Between work and caring for his disabled child, Mark spends his time writing, playing computer games, tending an allotment, brewing beer, and avoiding DIY.

Image result for mark lawrence one word

In January 1986, fifteen-year-old boy-genius Nick Hayes discovers he’s dying. And it isn’t even the strangest thing to happen to him that week.

Nick and his Dungeons & Dragons-playing friends are used to living in their imaginations. But when a new girl, Mia, joins the group and reality becomes weirder than the fantasy world they visit in their weekly games, none of them are prepared for what comes next. A strange yet curiously familiar – man is following Nick, with abilities that just shouldn’t exist. And this man bears a cryptic message: Mia’s in grave danger, though she doesn’t know it yet. She needs Nick’s help – now.

He finds himself in a race against time to unravel an impossible mystery and save the girl. And all that stands in his way is a probably terminal disease, a knife-wielding maniac and the laws of physics.

Challenge accepted.

Review

I had no idea what to expect from this book, but its Mark Lawrence, i’m sure he can make his shopping list funny and engaging to read.

What i do know is that it would need to be good, as i’m sure many of you know i had taken a sabbatical from books and reviewing for personal reasons, but i’m back, and the first book back had been Dark Forge by Miles Cameron (see the blog for review), its astoundingly good. So i sat down with the expectation of a Mark Lawrence read ahead, but also that worry that it might get the book hangover from Miles Camerons Dark Forge.

I’m happy to say not, this book stood out all on its own, it takes you in right from page one, draws you into the den of the geek, the world where introverts rule, and yet in their own space there are a multitude of personalities and needs, these guys are no different from anyone else, just maybe shy and at the same time smarter than average, they live on their imagination, and the world of D&D gives scope to that intelligence and imagination.

One word kill blends that imagination into a mind bending reality of time and space and paradox, and at the same time is wrapped around a heart rending tale of childhood mortality with the main character suffering from cancer. This part really hit home with me given that about a week before i got the book i myself was diagnosed with a form (treatable) of cancer, but the emotions were something i could relate to despite the age difference between the character and myself, especially as the book is set around the time i left school, making the character about my age.

Even with the fantastic reality bending idea of the book, its highly relate-able , the characters are almost people i knew back then and now (if they had known back then that geek will inherit the earth they may have been more outgoing lol….) but maybe not themselves. Given i had read so little and was easing back into it, this book was devoured in very short order. I couldn’t put it down, and as i was opening my own business at the time i needed to sleep, but it had an insistence that i keep turning the page that i read the next bit. I have to say i was hugely impressed, while a totally different read to Miles Cameron it was up there in quality of writing and story, and so in my top books for 2019 so far.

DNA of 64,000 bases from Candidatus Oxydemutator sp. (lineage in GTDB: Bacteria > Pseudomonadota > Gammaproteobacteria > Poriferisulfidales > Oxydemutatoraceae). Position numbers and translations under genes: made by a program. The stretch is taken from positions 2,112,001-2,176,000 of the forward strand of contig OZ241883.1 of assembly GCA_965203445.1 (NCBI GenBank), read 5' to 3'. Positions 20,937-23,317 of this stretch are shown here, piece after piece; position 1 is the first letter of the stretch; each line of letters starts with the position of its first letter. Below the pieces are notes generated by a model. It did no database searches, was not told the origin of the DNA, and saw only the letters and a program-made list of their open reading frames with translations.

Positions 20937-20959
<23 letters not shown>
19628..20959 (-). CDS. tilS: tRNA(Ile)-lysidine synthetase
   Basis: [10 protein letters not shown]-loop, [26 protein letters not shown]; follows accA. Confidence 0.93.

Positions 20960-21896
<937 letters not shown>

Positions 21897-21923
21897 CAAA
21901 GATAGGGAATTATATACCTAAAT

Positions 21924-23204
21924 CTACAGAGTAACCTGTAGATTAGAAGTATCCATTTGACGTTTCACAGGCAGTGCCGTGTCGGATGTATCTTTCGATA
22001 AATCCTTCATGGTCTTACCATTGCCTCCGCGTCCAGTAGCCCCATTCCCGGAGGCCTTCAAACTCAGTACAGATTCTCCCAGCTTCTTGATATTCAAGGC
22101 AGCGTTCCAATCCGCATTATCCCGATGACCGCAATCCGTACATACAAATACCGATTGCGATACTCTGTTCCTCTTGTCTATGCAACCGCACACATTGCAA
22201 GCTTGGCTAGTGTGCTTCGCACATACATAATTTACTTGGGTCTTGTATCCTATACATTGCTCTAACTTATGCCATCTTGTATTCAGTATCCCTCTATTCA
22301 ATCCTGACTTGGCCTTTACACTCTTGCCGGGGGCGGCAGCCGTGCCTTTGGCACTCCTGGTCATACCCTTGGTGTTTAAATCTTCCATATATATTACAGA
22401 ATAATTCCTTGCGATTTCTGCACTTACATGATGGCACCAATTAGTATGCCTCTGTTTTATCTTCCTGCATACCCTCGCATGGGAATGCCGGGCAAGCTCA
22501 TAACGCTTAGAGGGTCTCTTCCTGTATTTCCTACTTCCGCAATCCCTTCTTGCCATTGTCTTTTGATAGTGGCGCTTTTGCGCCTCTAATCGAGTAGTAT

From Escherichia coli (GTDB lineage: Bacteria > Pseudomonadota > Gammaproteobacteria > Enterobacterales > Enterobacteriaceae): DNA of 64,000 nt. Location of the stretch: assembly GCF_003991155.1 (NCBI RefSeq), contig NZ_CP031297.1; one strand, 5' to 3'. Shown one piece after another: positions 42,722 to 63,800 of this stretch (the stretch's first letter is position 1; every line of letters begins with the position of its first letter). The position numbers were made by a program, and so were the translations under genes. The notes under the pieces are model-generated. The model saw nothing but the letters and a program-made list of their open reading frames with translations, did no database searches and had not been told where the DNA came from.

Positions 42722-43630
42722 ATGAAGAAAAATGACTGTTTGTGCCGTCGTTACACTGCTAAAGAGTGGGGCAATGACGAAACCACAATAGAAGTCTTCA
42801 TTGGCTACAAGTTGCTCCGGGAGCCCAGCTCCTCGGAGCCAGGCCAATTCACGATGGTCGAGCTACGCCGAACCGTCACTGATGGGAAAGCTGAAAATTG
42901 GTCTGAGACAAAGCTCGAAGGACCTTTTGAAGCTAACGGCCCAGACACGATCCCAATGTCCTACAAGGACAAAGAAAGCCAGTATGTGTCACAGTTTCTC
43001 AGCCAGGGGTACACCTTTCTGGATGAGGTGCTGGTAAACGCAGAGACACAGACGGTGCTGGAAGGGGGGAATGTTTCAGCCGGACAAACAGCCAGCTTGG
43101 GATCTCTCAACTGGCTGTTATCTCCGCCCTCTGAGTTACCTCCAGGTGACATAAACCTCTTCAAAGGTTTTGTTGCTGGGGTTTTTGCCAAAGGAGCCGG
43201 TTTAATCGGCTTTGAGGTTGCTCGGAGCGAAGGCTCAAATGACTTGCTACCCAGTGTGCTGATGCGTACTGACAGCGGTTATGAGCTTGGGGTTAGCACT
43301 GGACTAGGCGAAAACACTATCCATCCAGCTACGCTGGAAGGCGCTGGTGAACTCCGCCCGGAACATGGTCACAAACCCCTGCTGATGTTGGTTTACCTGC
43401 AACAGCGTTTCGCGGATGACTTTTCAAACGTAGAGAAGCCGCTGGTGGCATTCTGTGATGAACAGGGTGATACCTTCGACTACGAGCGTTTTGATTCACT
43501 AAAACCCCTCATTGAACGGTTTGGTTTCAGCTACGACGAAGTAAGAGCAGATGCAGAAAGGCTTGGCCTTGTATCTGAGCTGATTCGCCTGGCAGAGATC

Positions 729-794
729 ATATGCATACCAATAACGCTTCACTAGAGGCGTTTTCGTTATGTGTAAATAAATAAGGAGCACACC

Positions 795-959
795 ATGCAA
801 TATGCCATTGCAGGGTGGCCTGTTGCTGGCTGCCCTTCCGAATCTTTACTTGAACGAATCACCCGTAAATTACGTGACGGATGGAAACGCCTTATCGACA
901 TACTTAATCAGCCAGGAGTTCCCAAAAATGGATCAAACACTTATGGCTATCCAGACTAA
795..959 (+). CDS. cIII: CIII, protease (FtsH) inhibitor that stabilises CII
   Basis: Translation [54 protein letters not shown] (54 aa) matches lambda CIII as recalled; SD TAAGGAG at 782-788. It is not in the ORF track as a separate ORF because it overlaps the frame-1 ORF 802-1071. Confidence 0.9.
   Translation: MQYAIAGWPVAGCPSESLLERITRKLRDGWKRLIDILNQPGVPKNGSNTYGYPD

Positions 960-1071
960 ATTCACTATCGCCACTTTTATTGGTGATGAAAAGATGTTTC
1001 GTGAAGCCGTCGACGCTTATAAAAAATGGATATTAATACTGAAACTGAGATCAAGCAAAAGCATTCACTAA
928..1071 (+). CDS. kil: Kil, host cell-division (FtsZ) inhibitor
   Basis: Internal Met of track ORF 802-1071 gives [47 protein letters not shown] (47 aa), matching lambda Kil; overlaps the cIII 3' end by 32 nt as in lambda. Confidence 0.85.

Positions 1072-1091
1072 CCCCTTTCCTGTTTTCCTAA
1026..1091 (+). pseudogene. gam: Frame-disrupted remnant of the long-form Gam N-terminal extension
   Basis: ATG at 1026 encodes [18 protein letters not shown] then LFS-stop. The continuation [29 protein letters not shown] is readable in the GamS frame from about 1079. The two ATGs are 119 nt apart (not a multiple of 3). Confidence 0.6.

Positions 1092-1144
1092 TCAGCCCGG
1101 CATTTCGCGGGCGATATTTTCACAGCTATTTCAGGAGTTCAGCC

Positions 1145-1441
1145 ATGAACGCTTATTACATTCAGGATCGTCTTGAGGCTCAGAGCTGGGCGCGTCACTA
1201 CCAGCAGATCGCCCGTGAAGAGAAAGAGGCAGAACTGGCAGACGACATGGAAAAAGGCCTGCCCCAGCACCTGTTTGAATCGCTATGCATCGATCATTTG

If i had to make a comparison, while the stories have no similarity, this reminds me of when David Gemmell wrote White Knight Black Swan, a total break away style, and yet one of his most engaging reads.

I highly recommend this

(Parm)

Series
Broken Empire
1. Prince of Thorns (2011)
2. King of Thorns (2012)
3. Emperor of Thorns (2013)
Mark Lawrence 2-Book Bundle (omnibus) (2013)
The Complete Broken Empire Trilogy (omnibus) (2014)
The Secret (2015)
The Broken Empire (omnibus) (2016)
Road Brothers (2017)
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Red Queen’s War
1. Prince of Fools (2014)
2. The Liar’s Key (2015)
3. The Wheel of Osheim (2016)
Red Queen’s War collection 3 books Box set (omnibus)(2018)
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Book of the Ancestor
1. Red Sister (2017)
2. Grey Sister (2018)
2.5. Bound – A Book of the Ancestor Short Story: Short Story (2018)
3. Holy Sister (2019)
Book of Ancestor Books 1-2 (2018)
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Impossible Times
1. One Word Kill (2019)
2. Limited Wish (2019)
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Girl and the Stars
1. The Girl and the Stars (2020)

 

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Filed under Fantasy, Mark Lawrence

Miles / Christian Cameron : Dark Forge (Review) Blog Tour

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Miles/ Christian Cameron was born in Pittsburgh, Pennsylvania in 1962. He grew up in Rockport, Massachusetts, Iowa City, Iowa, and Rochester, New York, where he attended McQuaid Jesuit High School and later graduated from the University of Rochester with a degree in history.

After the longest undergraduate degree on record (1980-87), he joined the United States Navy, where he served as an intelligence officer and as a backseater in S-3 Vikings in the First Gulf War, in Somalia, and elsewhere. After a dozen years of service, he became a full time writer in 2000. He lives in Toronto, Canada with his wife Sarah and their daughter Beatrice.